Compiled by Team IAnD Photography: Courtesy the architects |
India’s commercial capital, Mumbai’s stunning new GVK ChhatrapatiShivaji International Airport Terminal 2 designed by Skidmore, Owings & Merrill (SOM) architects is a delightful unification of Indian art and design.
Inaugurated on Jan.10, 2014, the new elongated X-shaped air hub orchestrates the complex web of passengers and planes into a design that feels intuitive and responds to the region’s rocketing growth. Thenew terminal combines international and domestic passenger services under one large roof (one of the largest in the world without an expansion joint), optimizing terminal operations and reducing passenger walking distances.
The long-span capabilities of the steel truss structure allow for the spacing of thirty 130-foot columns,generating a large column-free central podium, reminiscent of the airy pavilions and interior courtyards of traditional regional architecture. Small disks of colourful glass recessed within the canopy’s coffers speckle the hall below with light, referencing the peacock, the national bird of India, and the symbol of the airport.
Rather than compartmentalizing terminal functions, three symmetrical concourses radiate outwards from a central processing core or ‘headhouse’that sits atop highly adaptable and modular concourses, which in turn are therefore easily reconfigured to “swing” between serving domestic flights or international flights, maximizing the terminal’s perimeter for aircraft gates.
Terminal 2 uses a high-performance glazing system with a custom frit pattern to achieve optimal thermal performance and mitigate glare. Perforated metal panels on the terminal’s curtain wall filter the low western and eastern sun angles, creating a comfortable day-lit space for waiting passengers, and responsive daylight controls balance outdoor and indoor light levels for optimal energy savings. Strategically-placed skylights throughout the check-in hall are said to reduce the terminal’s energy usage by 23%, while a 50-foot-tall glass cable-stayed wall—the longest in the world creates a transparent façade, going back to times of yore, allowing accompanying well-wishers to watch as their friends and family depart.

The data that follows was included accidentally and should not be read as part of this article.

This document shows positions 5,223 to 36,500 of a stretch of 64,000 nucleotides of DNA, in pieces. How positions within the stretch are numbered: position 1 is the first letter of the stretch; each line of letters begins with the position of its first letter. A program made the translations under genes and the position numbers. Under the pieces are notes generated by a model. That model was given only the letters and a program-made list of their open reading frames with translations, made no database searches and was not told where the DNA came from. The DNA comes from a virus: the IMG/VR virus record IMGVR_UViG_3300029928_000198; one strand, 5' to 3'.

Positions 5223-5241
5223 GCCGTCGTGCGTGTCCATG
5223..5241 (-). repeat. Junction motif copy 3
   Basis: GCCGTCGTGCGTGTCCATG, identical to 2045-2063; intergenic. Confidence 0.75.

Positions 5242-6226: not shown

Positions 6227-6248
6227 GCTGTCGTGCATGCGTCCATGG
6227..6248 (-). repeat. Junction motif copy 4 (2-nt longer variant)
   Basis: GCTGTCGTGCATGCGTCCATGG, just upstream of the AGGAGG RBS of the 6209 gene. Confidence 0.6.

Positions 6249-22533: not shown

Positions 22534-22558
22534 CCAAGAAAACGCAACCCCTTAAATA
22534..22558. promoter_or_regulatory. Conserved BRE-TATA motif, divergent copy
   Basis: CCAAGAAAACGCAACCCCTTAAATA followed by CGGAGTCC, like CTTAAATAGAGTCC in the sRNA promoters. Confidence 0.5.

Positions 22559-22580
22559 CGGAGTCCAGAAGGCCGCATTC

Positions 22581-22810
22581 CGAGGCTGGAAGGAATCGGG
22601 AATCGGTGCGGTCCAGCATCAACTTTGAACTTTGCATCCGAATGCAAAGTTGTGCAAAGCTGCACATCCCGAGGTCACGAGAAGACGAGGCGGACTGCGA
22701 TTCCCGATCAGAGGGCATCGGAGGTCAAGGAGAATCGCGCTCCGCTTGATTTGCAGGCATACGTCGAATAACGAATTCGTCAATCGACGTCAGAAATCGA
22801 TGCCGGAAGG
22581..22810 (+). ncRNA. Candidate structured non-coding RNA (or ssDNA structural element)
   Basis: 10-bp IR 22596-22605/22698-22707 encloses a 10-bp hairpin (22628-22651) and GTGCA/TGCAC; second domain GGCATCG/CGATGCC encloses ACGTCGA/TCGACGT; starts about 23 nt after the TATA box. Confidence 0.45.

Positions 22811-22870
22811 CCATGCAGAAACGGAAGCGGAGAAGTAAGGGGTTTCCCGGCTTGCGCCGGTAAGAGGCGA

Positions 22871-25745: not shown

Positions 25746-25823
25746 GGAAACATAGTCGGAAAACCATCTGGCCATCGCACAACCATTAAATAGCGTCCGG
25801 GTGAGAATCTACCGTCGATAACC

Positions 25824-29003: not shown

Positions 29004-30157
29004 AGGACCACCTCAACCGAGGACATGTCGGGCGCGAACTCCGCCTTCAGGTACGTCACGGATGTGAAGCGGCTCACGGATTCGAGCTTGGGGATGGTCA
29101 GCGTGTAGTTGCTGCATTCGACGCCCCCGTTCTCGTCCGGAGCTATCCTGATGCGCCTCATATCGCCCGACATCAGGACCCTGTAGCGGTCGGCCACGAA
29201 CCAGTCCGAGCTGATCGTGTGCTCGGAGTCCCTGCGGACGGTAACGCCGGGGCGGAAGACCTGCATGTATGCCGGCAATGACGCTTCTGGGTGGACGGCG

Just as the four-storey terminal celebrates a new global, high-tech identity for Mumbai, the structure is imbued with responses to the local setting, history, and culture.Ace Indian fashion designers Abu Jani and SandeepKhosla, known for their distinctive flair for Indian designs have created the interiors that reflect heavy use of Indian textiles. Culturally referential fixtures and details, such as custom chandeliers inspired by the lotus flower and traditional mirror mosaic work created by local artists, over 6000 artefacts sourced from across India, and a mammoth art project featuring 1500 artists,elevates the ambience of terminal beyond the typical, often unimaginative airport experience.
With modern materials and technologies and cutting-edge strategies setting a new standard for sustainable, modern airport design, the terminal is as much a showpiece of the history and traditions of India and Mumbai, as it is an unprecedented structural and technological achievement.
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Architecture, Airport, Interior Design, Mumbai, India, Infrastructure.,